__________________________________________________________________________________________________
    There are no special teachers of virtue, because virtue is taught by the whole community. --Plato

  • Jeff Moden

    SSC Guru

    Points: 996452

    opc.three (7/10/2011)


    However when you introduced your test data routine and included a clustered index on each table that's when the practice of creating the tables ahead of time and using INSERT...INTO became more appropriate.

    Heh.. I won't give that an "It Depends". I guess I'll give that a "Whatever works" at this point but only because it's test data and not production data. It's more important that someone is actually using some representative test data. I'll even (almost) tolerate someone making a loop to build the data so long as they're making the effort to build more than the usual small handful of rows. 🙂

    I use the SELECT/INTO on test data only because if a data requirement changes as I'm writing code, I don't have to change both the data and the test table... the SELECT/INTO changes it for me. Other than that, "It Depends" comes into play for production building of large tables and it's sometimes very well worth testing both as Craig did.

    As a side bar, when I get a little time, I'll have to try some general testing like Craig did (I remember the post but not sure I can find it easily). I always like to double check.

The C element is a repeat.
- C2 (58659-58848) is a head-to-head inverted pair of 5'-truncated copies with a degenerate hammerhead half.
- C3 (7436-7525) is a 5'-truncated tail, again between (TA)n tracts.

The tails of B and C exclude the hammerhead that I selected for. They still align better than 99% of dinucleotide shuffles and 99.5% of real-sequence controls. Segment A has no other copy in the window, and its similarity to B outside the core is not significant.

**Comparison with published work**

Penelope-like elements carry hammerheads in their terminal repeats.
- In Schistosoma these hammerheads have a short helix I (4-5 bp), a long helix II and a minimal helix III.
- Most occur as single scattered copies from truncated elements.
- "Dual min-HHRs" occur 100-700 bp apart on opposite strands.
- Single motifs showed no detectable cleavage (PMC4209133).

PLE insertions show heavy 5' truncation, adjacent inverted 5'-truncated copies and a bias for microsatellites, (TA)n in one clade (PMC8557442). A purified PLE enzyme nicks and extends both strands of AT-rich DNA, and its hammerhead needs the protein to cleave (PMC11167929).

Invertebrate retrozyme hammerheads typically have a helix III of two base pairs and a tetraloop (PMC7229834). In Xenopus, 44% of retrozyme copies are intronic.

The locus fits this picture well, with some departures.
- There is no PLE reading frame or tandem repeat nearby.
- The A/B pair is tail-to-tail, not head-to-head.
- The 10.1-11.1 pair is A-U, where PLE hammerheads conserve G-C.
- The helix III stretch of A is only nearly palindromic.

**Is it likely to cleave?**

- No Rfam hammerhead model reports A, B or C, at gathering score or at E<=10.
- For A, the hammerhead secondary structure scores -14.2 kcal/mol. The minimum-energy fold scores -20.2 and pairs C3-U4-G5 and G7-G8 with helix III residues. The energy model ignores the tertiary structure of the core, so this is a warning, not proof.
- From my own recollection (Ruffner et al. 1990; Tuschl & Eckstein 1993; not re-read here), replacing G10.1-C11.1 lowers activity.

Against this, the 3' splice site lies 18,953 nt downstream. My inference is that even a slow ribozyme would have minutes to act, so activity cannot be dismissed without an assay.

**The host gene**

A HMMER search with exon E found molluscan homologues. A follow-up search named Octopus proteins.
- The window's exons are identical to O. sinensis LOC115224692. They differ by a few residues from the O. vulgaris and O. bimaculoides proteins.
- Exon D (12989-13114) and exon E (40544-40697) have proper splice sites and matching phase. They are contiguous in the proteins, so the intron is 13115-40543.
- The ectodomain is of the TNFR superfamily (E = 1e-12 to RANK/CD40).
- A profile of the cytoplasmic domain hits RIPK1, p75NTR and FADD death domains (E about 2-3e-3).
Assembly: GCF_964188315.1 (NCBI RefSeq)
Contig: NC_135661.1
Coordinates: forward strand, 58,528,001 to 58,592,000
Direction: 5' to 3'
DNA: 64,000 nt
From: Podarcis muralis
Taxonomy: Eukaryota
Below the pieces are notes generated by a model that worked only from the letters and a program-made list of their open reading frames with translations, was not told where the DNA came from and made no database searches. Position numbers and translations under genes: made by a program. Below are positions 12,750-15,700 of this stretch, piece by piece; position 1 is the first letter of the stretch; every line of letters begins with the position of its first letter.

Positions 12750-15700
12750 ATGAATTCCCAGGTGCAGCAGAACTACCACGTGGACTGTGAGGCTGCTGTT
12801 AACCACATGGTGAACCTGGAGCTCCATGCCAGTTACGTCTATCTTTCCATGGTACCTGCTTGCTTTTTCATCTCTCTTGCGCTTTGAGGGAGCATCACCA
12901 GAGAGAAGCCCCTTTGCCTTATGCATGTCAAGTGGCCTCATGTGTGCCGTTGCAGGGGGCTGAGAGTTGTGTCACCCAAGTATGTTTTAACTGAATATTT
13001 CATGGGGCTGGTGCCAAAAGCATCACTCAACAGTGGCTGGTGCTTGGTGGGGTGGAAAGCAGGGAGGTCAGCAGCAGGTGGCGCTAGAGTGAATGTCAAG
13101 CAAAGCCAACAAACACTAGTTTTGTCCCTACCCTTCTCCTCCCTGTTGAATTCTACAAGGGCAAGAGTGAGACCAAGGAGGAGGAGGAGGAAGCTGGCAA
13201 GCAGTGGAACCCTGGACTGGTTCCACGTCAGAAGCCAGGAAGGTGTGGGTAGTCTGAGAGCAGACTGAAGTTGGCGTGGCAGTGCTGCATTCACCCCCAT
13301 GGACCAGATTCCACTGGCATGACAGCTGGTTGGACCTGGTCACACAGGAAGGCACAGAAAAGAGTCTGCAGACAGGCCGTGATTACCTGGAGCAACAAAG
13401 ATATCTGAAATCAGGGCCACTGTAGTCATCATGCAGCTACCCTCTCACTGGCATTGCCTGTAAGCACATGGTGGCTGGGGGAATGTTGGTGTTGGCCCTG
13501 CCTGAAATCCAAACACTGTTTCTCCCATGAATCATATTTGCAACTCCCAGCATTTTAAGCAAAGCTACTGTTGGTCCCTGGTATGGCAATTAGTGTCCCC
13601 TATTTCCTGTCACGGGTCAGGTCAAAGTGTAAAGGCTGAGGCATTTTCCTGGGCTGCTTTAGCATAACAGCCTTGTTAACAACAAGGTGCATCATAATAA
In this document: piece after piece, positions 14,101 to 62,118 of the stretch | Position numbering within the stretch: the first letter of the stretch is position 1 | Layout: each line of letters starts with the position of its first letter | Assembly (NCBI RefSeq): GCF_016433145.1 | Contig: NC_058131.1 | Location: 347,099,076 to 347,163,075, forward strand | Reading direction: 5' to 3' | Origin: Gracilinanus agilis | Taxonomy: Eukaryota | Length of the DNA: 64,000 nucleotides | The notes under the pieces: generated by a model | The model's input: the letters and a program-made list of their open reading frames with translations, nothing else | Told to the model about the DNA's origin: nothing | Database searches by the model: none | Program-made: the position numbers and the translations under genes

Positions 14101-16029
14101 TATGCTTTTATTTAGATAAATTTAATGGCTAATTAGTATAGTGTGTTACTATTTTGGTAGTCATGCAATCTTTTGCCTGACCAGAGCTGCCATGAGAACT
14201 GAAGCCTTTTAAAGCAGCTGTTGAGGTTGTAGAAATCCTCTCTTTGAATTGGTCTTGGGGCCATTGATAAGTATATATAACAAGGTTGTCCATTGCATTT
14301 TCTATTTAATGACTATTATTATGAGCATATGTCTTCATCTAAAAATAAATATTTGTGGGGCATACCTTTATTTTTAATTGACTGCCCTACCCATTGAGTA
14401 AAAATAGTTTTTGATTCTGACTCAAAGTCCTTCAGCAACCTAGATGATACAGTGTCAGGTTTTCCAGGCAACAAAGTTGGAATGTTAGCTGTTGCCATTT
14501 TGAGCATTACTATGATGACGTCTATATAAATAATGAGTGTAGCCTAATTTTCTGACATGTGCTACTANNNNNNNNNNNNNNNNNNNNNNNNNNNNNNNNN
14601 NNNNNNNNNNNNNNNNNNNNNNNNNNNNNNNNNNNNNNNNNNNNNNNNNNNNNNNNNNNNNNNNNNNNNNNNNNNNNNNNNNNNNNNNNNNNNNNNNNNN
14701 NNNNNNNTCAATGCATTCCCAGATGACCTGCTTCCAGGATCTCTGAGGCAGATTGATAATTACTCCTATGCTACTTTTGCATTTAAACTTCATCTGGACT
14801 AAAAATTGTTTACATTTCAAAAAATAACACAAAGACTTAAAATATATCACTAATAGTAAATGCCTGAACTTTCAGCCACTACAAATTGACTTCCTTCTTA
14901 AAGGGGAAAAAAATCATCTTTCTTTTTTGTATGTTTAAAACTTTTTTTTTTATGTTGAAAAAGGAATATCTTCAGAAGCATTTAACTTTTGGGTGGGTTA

--Jeff Moden


    RBAR is pronounced "ree-bar" and is a "Modenism" for Row-By-Agonizing-Row.
    First step towards the paradigm shift of writing Set Based code:
    ________Stop thinking about what you want to do to a ROW... think, instead, of what you want to do to a COLUMN.
    "Change is inevitable... change for the better is not".

    Helpful Links:
    How to post code problems
    How to Post Performance Problems
    Create a Tally Function (fnTally)
    Forum FAQ

  • Orlando Colamatteo

    SSC Guru

    Points: 182269

    Craig's testing showed it for a single-column narrow PK (INT). I wondered whether wider clustering keys would have SELECT...INTO start outperforming the CREATE/INSERT method, and while I did some basic tests using 3-column INT keys showing CREATE/INSERT was still faster, I did not wonder enough to do any exhaustive testing including character-based columns etc. so I go with Craig's conclusion 😀

    From the post http://www.sqlservercentral.com/Forums/FindPost1130873.aspx:

    -- Skipping the gory details, the fully pre-built STILL wins.

    -- Even though it takes on average about 40ms longer to insert all the data,

    -- the subsequent clustered index build takes about 180ms.

    -- So, no indexing, go with SELECT INTO. If you need indexing, fully pre-build it.

    __________________________________________________________________________________________________
    There are no special teachers of virtue, because virtue is taught by the whole community. --Plato

  • Revenant

    SSC-Forever

    Points: 42467

    opc.three (7/11/2011)